1) Either my weight is still not forward enough. On the easier green, I don't think this was the case today
2) Or I'm not bending the front knee enough/not rotating it inwards enough
3) Or maybe there's something wrong with the edging on my board? My board is five years old now but I've hardly ridden it so I doubt this is the case but I've also not taken good care of it and some of the metal on the edge is slightly rusted.
4) I find it near impossible to make a toe-side turn on hard-packed snow that is almost ice; the edge is not able to grab hold and then I freak out thatI'm not turning, end up leaning too much to try to make the board turn, and then fall.

I tried the cowboy technique that Snowolf suggested on some turns but haven't integrated it in fully yet.

What do you guys think?
Also rotate your head and leading shoulder...alot of newbs want to twist/counter-rotate around and look down the hill. On and going toeside LOOK UP the hill to rotate your shoulder and head.
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Old 04-02-2012, 02:05 PM   #46 (permalink)
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QFT! I've seen far more carnage on the tow rope than on any chair lift, especially if the lifties aren't flattening out the track regularly.

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Double QFT

A tow rope was where I had my worst injury, lead to arthroscopic surgery on my ankle. Damn tow rope.
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Old 04-02-2012, 03:15 PM   #47 (permalink)
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Are your boots centered on the board? Are your boots tight? Do you have a ton of heel lift? You mentioned foot burn earlier. That happens to me when my boots are not tight and I have heel lift. Just a few things to check out. It also might be a balance issue -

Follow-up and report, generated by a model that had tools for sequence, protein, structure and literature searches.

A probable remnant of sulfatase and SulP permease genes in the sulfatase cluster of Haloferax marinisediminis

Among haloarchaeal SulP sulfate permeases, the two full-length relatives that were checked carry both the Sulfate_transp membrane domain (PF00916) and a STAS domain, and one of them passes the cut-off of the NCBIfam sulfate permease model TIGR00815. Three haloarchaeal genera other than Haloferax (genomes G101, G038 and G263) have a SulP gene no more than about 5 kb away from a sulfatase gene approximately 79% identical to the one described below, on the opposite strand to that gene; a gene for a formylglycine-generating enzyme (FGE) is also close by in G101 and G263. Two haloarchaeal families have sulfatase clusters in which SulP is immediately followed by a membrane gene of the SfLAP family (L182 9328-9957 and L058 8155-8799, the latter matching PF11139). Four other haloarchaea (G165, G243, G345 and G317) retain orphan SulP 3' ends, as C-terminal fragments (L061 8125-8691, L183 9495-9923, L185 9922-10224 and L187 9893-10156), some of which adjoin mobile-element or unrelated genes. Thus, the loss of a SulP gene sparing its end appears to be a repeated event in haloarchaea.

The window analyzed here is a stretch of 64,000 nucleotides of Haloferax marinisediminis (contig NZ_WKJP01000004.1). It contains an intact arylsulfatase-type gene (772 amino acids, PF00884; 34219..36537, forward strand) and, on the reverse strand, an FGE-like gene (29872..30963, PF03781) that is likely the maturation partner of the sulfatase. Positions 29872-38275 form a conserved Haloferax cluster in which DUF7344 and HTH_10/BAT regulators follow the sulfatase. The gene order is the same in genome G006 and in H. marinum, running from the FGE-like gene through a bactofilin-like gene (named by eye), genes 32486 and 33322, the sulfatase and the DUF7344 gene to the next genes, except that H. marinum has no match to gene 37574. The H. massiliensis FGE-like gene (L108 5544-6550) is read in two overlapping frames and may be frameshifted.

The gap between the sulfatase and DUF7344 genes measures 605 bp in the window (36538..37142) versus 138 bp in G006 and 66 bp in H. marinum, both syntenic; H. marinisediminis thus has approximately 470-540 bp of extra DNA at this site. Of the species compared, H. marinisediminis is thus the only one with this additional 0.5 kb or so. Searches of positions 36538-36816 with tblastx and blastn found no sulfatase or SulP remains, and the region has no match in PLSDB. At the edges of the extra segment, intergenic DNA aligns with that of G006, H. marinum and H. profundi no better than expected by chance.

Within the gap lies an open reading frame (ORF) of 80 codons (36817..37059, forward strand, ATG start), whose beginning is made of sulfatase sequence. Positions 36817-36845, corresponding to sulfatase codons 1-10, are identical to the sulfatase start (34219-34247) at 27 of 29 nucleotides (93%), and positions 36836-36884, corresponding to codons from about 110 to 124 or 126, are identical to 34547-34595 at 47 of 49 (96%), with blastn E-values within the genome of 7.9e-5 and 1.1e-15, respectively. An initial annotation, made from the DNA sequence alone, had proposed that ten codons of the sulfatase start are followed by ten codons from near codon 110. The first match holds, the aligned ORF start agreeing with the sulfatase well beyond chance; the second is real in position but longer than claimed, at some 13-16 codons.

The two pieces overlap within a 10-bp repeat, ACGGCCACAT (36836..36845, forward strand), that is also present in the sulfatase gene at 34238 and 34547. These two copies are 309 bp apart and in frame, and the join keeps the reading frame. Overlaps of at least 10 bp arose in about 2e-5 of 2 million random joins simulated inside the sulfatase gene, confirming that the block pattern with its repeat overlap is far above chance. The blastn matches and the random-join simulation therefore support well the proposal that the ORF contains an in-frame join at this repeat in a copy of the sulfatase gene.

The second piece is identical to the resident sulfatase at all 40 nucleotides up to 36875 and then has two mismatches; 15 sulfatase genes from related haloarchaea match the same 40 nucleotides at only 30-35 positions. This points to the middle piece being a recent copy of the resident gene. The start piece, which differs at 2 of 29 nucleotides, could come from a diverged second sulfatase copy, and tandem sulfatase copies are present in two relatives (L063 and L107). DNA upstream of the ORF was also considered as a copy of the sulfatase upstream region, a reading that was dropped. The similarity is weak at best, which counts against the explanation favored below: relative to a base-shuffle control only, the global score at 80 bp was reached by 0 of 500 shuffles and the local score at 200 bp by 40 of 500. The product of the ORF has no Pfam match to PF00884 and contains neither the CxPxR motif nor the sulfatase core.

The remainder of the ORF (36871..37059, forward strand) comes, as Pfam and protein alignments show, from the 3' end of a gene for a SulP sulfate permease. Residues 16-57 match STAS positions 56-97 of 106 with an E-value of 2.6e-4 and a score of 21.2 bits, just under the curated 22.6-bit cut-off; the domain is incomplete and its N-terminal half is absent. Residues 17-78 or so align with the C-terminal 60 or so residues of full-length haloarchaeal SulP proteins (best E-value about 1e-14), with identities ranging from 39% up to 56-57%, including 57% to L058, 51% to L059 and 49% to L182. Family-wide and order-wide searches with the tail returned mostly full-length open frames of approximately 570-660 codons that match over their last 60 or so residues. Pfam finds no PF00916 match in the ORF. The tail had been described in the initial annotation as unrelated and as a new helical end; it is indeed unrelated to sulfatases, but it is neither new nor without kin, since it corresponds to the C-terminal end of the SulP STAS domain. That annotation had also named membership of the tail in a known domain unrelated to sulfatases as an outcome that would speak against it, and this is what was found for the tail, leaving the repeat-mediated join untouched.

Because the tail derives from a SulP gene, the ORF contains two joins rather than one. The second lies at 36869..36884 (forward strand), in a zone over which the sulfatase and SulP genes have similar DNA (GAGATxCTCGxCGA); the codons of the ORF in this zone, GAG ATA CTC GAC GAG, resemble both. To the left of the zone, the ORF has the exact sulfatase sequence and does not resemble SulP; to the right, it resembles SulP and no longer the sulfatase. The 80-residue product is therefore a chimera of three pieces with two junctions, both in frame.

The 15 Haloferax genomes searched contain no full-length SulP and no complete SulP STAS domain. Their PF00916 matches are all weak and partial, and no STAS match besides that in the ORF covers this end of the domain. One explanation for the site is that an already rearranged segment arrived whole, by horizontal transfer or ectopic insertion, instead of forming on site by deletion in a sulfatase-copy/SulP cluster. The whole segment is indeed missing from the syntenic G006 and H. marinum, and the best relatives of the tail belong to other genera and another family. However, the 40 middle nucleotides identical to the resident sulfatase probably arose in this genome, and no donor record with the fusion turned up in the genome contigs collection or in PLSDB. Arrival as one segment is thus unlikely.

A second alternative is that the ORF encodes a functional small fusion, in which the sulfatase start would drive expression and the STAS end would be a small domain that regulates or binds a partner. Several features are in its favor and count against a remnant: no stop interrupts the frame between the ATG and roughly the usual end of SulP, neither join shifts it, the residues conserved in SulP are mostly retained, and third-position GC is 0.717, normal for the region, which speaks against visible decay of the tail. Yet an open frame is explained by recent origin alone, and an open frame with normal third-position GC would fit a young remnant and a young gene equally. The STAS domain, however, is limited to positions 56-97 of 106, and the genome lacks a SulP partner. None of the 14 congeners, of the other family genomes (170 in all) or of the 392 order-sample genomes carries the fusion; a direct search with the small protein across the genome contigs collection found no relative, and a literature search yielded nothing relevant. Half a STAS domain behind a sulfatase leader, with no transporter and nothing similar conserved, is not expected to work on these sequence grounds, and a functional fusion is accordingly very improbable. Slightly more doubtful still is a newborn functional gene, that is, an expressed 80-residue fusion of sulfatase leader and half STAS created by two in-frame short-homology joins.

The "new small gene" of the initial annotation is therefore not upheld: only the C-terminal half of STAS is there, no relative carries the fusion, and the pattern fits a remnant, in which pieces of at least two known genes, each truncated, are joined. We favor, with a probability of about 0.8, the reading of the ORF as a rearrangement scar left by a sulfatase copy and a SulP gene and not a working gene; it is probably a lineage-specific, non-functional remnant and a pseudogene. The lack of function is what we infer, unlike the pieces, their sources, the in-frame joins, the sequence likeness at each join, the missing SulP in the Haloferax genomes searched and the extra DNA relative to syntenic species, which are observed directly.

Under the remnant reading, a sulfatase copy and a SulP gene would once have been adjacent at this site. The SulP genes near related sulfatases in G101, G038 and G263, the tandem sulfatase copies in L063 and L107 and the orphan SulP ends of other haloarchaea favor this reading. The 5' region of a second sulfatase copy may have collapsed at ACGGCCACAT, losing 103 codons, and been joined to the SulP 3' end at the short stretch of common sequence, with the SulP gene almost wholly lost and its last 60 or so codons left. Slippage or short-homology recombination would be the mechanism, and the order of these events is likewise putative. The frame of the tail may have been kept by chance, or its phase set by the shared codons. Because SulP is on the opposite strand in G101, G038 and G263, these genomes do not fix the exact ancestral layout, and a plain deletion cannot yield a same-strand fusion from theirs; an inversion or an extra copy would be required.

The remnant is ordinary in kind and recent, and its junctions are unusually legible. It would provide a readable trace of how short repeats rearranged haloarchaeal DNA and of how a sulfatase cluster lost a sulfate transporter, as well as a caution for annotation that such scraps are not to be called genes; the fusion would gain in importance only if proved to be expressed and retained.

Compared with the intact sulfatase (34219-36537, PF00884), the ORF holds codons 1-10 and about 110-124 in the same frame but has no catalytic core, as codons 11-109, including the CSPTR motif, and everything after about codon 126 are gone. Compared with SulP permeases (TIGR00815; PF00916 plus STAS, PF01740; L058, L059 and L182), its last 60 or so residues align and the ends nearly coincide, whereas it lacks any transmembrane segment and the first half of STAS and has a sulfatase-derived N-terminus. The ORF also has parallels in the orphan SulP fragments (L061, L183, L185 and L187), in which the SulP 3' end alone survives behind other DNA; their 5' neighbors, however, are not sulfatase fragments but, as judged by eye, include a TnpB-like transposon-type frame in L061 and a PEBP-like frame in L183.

I think the boots are centered. I've had problems with the boots being loose before (twisted an ankle that way once) so I try to make them as tight as possible. I have one of those "easy-lace" boot mechanisms that you pull the laces through these locking devices. I yank the laces as hard as I can and retighten every few runs.

I sometimes get a bit of heel lift, which prompts me to retighten.
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Old 04-02-2012, 03:16 PM   #48 (permalink)
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Also rotate your head and leading shoulder...alot of newbs want to twist/counter-rotate around and look down the hill. On and going toeside LOOK UP the hill to rotate your shoulder and head.
I'm rotating the head, but perhaps not the shoulder. I know I'm supposed to do a slight rotation of the shoulder but I'm fearful of getting into the habit of steering with the shoulders so perhaps I underdo the rotation. I'll try that next weekend
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Old 04-02-2012, 04:55 PM   #49 (permalink)
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I think the boots are centered. I've had problems with the boots being loose before (twisted an ankle that way once) so I try to make them as tight as possible. I have one of those "easy-lace" boot mechanisms that you pull the laces through these locking devices. I yank the laces as hard as I can and retighten every few runs.

I sometimes get a bit of heel lift, which prompts me to retighten.
Hmmm, it sounds like your boots might be too big for you. This a pretty common when buying boots, as we tend to buy for comfort. Your longest toe should be just grazing the front of the boot (barely) when brand new and standing up. There shouldn't be much heel lift even with the laces only moderately tight.

Having to retighten every few runs is a bad sign. If I tighten my laces too much my feet will hurt because it's actually cutting off the circulation!

FWIW I wear an 8.5 shoe but I'm in 7.5 boots now and they feel fantastic. I had 9s before and thought they fit well until I tried on something that ACTUALLY fit...
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Old 04-02-2012, 05:31 PM   #50 (permalink)
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I'm rotating the head, but perhaps not the shoulder. I know I'm supposed to do a slight rotation of the shoulder but I'm fearful of getting into the habit of steering with the shoulders so perhaps I underdo the rotation. I'll try that next weekend

Don't worry about you shoulder steering...hopefully you are already driving with your knee, i.e., torsional twisting. So you just need to get your whole body doing the same thing...starting from the bottom up...knee, hip and shoulder. Btw I still tend to counter rotate my shoulder and tend to look down hill and this past weekend when too tired to bomb; did a few black runs practicing looking back up hill to really engage the toeside to slow down and really control my speed instead of doing open-s bombs.